June 12, 2012
OLSO, NorwayKrill's biotic resource use (BRU) is much lower than common fish sources, according to a recent study by Aker BioMarine Antarctic that measured the marine footprint of Antarctic krill via BRU comparing different sources of omega-3s. The study, "Live Cycle Environmental Impacts of Three Products Derived from Wild-Caught Antarctic Krill (Euphausia sperba)" is published in Environmental Science and Technology (Environ. Sci. Technol., 2012 April 5).
The research used life cycle assessment to evaluate the environmental performance of krill harvesting and processing activities. Impacts included ozone depleting, acidifying, greenhouse gas emissions, total energy use and living resource inputs.
Using BRU, the marine footprint of different sources of omega-3's can be compared, and due to krill's low position in the food chain, total BRU is much lower than what is common in omega-3 production from most fish sources.
"Biotic resource use was significantly lower than most other marine omega-3 sources as a result of krill's low position in the food chain, while the carbon footprint was higher, though still relatively low when compared to many high-value commercial species such as cod, tuna or lobster," said Rob Parker, the study's lead author.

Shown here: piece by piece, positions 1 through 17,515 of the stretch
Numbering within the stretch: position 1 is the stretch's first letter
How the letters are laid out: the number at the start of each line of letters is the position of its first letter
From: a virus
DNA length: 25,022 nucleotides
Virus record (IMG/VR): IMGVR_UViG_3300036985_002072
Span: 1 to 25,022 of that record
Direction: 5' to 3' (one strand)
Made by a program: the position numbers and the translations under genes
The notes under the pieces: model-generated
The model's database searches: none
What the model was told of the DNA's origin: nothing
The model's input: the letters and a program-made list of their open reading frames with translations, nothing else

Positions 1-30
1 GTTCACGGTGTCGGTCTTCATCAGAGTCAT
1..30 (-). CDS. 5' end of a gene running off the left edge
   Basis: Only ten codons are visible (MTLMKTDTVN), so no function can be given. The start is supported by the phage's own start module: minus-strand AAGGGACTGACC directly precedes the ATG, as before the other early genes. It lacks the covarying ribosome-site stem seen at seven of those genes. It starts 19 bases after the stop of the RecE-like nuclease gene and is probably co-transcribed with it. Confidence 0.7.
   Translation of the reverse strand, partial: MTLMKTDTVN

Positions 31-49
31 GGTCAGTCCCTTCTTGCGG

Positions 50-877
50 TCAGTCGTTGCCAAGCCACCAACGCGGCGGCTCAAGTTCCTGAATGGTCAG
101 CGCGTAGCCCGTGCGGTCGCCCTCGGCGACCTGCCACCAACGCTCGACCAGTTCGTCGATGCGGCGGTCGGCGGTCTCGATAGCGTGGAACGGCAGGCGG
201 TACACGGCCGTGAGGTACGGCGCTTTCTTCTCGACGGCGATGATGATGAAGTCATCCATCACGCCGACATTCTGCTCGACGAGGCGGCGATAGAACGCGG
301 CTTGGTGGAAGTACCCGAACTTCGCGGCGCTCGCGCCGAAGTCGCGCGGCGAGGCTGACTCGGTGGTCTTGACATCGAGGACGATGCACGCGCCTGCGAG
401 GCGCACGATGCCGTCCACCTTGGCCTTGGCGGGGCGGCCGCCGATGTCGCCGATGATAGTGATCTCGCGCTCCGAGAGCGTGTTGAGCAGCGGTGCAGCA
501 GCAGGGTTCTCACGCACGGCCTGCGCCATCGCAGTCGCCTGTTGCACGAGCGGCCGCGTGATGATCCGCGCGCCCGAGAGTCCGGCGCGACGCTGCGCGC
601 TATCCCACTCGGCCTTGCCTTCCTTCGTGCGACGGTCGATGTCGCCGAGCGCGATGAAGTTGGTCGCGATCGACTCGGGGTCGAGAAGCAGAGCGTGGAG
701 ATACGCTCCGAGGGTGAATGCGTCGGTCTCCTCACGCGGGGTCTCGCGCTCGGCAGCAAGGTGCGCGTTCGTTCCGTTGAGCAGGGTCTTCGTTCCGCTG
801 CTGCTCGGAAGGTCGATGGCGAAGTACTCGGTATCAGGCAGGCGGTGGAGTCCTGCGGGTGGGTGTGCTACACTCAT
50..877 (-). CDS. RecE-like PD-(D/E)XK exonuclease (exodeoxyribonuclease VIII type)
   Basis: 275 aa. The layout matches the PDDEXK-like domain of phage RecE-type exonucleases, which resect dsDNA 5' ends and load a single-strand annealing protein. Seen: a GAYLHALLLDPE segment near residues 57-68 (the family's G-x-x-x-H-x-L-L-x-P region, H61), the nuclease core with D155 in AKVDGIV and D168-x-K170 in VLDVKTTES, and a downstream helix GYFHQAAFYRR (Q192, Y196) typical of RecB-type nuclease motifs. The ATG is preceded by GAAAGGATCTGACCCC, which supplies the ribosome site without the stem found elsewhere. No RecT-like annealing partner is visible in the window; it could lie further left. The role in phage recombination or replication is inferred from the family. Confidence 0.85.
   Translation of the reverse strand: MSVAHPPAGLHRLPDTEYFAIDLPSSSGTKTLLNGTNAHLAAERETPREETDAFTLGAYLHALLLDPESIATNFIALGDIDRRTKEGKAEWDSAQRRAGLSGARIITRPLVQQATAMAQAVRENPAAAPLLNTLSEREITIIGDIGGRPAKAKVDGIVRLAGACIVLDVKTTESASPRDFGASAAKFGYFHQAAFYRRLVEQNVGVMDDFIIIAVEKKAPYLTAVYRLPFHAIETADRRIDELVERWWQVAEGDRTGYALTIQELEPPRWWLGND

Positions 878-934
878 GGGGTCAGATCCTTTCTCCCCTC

This study is the second from the authors. The first, published in the journal Ecological Indicators, assessed only the biotic component of Aker BioMarine's ecological footprint. While a vast amount of uncertainty and variability is inherent in marine footprints, krill was generally found to have a footprint similar to that of menhaden and markedly lower than species such as anchovy, herring and blue whiting as a result of its low trophic level.
Aker Biomarine bought its Antarctic krill vessel last year from Krillsea Group AS to help meet growing demands for krill ingredients.
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